Claudine Gay’s resignation highlights the trouble with regulating academic writing

Gay is not the first head of an academic institution unseated by allegations of plagiarism: Marc Tessier-Lavigne resigned last year as Stanford University’s president after an investigation found that several academic reports he authored contained manipulated data.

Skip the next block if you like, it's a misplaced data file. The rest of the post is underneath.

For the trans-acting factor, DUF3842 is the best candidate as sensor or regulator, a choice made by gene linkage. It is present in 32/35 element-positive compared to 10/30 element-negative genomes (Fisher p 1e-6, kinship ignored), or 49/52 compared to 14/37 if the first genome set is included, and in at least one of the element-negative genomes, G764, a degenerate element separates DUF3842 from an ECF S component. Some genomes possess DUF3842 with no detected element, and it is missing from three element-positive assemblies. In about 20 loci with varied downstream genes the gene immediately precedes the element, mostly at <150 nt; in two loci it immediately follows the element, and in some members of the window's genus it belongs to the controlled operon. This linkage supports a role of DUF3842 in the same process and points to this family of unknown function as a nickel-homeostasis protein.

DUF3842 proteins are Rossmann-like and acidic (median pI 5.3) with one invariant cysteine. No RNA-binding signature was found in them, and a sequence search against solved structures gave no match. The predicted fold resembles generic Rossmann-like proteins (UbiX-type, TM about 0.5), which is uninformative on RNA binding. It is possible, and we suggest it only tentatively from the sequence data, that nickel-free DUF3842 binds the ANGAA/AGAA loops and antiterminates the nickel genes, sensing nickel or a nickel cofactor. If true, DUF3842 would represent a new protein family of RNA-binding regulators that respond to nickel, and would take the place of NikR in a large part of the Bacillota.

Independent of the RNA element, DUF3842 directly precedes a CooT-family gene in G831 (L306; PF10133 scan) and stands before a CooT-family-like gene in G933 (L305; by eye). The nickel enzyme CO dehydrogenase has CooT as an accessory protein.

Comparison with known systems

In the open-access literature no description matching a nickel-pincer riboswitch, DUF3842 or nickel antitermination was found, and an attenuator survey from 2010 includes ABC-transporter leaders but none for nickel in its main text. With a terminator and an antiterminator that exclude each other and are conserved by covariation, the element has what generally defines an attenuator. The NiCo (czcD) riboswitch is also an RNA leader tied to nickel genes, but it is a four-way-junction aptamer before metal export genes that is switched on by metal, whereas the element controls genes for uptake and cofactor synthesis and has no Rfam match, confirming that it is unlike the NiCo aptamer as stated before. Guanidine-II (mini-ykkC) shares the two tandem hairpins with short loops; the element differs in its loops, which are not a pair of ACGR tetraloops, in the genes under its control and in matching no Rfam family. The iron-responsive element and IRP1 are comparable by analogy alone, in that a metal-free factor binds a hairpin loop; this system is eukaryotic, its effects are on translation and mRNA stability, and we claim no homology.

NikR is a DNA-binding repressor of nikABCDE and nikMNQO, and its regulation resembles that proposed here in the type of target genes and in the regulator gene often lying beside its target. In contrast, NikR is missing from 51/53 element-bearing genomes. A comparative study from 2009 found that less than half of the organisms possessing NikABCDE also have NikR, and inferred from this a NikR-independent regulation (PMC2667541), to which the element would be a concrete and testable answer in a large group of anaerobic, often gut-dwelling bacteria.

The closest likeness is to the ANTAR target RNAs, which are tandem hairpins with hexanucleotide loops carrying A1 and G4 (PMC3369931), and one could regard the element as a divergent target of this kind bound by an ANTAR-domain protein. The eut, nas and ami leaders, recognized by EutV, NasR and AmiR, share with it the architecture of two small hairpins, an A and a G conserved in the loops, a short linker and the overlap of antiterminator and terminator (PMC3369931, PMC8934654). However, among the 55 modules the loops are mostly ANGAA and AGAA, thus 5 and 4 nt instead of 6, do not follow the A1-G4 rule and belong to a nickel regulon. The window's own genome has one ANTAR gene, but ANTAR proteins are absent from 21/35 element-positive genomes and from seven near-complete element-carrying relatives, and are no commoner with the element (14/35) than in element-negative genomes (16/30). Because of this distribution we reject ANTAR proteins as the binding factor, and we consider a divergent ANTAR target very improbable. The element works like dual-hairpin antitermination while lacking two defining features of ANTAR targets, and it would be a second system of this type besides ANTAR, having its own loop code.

Her downfall raises questions about how people in such high-profile positions can find themselves facing such charges in an age when advanced technology so easily enables detection of alleged cases of plagiarism.

Experts additionally say improved technology could bring forth more alleged transgressions yet to be unearthed from past works.

Read more from NPR.


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